Well, anyhow, the dress is mostly done. Hopefully later today we will add the final touches and I can include some pictures in my 7 Quick Takes Friday post. While I busy myself with that, you go and do the Know Your States game and tell me how you did. As of this writing (Thursday evening), 38 people visited my blog and only four people (other than my children - and I made them do it!) told me their scores. I'm looking for someone other than my 10 year old daughter who will admit to doing worse than I did. Come on, I dare you!

P.S. I just played again and got a 90% (with some help from daughter #3), but I'd still like to see if someone can "beat" my first score of 78%!


Wednesday, February 11, 2009

Test Your Geography Skills

Let's carry on with that homeschooling theme, shall we? I mean, it is not often that I get more than one post in a week that has anything directly to do with homeschooling!

For those of you who think you know your geography, here is a great place to see how well you really "Know Your States".

I'll tell you that on my first try I got a 78% and my average margin of error was 46 miles. See how well you can do and then come back and let me know! (I mean that. I would like it if you would send a comment telling me how you did! Really!)



Tuesday, February 10, 2009

The Bronze Bow

We just finished reading aloud "The Bronze Bow" by Elizabeth George Speare. This book won the Newberry Medal in 1962 and we all found it to be a very good book. I like it when we pick a really interesting book to read aloud because then the excitement is always there to get together and continue on with the story. Besides, when it is a good book, everyone shows up on time AND they even ask me to read it on a non-school day. Let me tell you that that doesn't happen very often.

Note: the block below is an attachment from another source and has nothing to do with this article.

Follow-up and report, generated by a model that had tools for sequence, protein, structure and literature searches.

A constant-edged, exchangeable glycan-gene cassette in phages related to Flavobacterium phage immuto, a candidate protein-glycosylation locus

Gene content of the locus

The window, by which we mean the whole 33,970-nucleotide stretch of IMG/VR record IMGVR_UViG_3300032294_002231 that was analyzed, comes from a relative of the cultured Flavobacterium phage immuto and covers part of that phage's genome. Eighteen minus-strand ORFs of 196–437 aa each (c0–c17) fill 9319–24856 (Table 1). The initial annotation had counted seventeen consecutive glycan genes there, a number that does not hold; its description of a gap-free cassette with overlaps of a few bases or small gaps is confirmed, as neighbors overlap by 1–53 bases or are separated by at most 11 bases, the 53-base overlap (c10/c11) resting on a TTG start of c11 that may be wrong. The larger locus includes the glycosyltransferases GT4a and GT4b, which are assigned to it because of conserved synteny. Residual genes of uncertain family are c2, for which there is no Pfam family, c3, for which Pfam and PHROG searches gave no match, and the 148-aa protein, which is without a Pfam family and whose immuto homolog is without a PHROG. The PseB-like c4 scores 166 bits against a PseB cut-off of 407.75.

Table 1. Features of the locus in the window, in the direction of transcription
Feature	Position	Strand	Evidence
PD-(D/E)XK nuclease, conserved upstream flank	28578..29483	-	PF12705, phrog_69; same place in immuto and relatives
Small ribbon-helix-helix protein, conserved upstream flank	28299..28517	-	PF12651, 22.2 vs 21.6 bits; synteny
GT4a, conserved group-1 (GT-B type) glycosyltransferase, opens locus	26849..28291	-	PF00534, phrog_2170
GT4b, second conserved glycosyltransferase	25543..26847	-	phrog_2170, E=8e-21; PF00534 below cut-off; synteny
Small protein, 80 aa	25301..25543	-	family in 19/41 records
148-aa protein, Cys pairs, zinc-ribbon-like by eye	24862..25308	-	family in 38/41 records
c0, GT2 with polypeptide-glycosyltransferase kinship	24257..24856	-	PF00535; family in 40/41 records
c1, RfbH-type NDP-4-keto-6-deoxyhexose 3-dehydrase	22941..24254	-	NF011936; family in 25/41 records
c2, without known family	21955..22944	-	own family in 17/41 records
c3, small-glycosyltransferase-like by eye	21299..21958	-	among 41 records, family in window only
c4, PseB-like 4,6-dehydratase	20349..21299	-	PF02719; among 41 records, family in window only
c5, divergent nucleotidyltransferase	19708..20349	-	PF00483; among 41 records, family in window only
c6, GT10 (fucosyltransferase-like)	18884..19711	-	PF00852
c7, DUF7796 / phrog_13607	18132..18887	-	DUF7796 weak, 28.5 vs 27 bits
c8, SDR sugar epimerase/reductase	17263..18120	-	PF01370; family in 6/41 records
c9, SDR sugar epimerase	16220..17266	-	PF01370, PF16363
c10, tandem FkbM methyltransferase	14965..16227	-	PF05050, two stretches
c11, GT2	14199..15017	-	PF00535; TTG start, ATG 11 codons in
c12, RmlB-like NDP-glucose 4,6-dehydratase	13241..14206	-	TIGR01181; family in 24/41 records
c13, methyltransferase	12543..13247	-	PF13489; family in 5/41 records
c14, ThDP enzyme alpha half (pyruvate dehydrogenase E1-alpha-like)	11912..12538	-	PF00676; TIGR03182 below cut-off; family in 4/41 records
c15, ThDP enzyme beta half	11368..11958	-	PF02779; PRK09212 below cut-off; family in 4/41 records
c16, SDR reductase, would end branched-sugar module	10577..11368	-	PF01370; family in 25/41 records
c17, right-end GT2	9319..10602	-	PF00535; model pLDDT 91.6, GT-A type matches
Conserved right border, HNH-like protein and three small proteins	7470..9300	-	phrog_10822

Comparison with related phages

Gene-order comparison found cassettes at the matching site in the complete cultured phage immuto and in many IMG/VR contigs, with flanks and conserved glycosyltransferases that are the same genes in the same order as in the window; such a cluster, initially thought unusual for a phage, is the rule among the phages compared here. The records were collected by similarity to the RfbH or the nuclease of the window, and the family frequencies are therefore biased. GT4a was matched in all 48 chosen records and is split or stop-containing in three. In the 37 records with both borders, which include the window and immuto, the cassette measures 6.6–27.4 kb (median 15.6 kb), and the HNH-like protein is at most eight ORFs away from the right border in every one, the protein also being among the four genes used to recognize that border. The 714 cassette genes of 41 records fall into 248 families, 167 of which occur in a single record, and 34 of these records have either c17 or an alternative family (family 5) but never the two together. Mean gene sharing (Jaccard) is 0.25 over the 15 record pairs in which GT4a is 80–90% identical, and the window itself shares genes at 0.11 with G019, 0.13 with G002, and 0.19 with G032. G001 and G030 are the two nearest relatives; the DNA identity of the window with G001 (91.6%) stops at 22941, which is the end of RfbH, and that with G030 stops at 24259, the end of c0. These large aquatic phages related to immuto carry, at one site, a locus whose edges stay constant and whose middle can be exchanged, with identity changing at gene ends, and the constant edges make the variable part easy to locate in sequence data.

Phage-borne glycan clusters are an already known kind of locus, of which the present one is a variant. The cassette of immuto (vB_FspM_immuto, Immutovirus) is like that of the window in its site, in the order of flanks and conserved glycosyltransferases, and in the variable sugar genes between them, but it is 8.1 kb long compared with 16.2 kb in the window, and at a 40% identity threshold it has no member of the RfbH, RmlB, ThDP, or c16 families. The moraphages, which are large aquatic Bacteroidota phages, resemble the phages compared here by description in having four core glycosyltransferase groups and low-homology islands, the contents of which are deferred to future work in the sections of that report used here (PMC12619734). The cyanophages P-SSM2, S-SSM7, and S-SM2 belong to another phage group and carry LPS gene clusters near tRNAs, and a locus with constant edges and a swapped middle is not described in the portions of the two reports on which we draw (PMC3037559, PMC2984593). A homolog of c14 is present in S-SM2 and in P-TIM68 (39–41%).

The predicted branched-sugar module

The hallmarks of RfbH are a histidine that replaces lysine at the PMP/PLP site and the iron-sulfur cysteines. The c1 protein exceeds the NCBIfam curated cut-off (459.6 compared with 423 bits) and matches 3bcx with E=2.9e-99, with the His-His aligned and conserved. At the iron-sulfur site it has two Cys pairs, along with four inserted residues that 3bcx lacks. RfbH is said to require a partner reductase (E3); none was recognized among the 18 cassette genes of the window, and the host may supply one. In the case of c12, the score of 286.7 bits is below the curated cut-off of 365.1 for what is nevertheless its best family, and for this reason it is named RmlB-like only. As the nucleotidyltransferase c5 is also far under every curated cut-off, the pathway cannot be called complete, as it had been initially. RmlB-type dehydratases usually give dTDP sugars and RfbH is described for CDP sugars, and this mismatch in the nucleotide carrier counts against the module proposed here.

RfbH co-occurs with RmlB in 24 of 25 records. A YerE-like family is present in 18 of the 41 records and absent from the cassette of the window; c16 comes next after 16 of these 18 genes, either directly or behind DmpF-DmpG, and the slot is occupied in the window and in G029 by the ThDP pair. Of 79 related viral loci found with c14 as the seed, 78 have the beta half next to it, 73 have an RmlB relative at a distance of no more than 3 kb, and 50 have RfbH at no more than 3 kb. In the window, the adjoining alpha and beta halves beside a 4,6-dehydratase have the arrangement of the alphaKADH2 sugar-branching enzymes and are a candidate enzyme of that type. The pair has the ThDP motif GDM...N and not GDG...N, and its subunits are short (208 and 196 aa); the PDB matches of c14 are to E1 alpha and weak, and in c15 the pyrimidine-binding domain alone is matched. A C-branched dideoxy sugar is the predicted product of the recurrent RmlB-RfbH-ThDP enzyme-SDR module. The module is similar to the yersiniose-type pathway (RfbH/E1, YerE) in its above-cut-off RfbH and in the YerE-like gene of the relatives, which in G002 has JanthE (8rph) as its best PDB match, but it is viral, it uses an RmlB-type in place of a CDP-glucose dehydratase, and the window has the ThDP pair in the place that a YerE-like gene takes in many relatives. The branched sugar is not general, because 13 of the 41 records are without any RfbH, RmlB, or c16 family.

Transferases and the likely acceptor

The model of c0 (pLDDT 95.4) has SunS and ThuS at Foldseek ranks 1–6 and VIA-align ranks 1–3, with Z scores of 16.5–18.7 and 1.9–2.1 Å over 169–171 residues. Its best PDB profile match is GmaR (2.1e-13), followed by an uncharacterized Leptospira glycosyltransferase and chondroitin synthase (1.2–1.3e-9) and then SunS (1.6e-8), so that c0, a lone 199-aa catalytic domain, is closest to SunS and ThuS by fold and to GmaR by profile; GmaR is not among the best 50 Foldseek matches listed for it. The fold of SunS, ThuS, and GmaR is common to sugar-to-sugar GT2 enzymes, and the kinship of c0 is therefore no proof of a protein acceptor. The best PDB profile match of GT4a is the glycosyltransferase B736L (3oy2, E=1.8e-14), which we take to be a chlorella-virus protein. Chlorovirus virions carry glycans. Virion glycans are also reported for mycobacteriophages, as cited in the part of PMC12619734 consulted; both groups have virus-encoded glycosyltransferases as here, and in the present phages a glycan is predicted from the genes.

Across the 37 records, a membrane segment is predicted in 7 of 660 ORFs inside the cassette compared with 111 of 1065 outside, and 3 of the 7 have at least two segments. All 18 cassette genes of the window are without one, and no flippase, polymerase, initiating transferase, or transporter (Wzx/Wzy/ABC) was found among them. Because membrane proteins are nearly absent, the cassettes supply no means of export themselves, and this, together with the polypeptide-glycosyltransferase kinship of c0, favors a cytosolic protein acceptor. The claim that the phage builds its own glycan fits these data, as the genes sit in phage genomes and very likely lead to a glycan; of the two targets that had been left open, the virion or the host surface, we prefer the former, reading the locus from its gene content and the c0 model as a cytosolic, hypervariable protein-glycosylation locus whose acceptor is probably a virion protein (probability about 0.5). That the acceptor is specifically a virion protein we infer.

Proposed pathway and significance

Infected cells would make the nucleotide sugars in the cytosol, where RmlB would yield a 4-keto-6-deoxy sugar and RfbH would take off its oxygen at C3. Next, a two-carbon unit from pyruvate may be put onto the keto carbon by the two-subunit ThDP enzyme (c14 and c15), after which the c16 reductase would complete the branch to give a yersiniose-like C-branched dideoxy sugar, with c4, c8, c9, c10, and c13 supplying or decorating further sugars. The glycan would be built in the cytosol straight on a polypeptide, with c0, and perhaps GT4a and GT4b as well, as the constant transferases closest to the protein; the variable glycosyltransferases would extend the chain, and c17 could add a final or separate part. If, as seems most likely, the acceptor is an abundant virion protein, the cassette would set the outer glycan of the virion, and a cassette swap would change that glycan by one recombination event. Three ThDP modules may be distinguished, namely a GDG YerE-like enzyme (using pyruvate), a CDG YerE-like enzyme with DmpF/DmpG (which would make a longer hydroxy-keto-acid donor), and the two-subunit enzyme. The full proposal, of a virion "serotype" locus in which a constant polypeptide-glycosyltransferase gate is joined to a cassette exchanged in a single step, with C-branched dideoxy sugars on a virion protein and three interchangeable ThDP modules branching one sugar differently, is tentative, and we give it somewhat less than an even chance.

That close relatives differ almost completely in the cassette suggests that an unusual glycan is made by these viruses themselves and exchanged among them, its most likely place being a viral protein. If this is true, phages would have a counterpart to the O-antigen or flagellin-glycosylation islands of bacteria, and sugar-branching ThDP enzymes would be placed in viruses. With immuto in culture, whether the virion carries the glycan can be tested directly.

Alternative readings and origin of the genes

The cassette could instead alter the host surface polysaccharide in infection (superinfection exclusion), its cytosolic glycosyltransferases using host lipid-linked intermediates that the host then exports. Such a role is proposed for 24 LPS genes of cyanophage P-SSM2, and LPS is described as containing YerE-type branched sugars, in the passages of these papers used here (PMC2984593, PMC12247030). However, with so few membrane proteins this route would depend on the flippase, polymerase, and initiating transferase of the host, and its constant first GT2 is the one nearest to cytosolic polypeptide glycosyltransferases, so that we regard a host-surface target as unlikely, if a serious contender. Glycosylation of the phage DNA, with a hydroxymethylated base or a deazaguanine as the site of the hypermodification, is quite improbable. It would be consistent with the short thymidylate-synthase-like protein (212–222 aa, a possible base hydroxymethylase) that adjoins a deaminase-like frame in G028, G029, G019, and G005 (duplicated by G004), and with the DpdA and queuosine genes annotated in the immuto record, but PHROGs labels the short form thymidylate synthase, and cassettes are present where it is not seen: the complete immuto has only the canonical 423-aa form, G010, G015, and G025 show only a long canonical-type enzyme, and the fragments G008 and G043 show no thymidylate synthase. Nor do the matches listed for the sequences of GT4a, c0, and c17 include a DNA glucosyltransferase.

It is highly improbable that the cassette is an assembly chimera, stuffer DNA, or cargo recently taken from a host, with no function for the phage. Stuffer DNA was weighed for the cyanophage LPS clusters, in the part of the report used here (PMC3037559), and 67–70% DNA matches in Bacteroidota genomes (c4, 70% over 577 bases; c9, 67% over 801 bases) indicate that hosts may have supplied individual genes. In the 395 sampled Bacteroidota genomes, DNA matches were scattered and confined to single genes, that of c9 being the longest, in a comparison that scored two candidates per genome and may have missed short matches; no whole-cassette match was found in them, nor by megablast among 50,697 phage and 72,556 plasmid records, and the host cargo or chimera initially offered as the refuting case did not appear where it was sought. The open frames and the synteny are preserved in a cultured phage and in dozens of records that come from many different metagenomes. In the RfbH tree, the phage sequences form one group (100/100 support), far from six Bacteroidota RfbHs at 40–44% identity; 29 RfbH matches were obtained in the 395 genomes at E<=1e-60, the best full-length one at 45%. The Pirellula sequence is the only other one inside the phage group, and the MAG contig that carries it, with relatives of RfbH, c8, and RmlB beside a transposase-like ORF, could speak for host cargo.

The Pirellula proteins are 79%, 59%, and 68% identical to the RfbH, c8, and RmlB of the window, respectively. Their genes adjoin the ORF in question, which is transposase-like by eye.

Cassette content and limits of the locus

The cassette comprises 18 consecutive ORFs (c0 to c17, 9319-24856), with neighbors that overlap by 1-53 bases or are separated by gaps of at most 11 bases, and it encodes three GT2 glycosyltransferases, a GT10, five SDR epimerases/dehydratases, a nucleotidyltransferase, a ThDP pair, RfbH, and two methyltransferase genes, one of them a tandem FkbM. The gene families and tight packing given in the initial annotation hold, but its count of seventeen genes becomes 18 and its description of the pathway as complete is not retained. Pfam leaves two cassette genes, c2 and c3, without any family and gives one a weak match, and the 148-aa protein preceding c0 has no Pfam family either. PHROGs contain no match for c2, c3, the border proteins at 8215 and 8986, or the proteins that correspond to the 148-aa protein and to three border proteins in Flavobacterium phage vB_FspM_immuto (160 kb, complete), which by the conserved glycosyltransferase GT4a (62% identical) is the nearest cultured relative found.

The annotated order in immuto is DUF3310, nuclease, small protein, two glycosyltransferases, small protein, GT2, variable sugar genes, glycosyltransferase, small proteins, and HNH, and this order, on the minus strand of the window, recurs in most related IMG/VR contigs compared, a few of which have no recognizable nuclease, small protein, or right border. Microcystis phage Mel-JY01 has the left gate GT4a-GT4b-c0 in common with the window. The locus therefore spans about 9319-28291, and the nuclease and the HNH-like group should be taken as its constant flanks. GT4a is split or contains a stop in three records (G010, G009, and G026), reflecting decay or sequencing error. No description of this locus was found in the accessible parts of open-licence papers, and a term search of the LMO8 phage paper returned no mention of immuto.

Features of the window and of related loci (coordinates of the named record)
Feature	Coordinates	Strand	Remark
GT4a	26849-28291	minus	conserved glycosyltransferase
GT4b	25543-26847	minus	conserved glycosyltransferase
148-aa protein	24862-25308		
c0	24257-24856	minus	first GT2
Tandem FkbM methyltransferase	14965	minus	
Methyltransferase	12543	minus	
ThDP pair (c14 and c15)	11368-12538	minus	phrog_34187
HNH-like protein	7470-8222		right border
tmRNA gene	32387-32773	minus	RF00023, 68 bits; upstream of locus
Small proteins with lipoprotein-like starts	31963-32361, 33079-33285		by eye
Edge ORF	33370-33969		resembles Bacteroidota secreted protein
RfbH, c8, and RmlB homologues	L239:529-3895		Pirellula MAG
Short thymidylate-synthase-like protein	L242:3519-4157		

The story is about a teenage boy named Daniel who lives during the time of Jesus' preaching around the area of Capernaum. Daniel is on a quest to avenge the death of his father by the Romans, so he joins a band of outlaws that live in the mountains.

After being with them awhile, Daniel has to return to his village to take care of his sister, Leah, after their grandmother dies. Leah is possessed by demons and refuses to leave the house, so Daniel must find a way to carry on with his desire to overtake the Romans and still care for his sister.

What I really liked about the story was when the author would tell about what Jesus was doing and she would put Daniel into the context of a Bible story, for example the healing of Jarius' daughter. A lot of the story seems to revolve around events in Mark's Gospel, so the fact that we are reading from that Gospel at Mass right now really made the story come alive.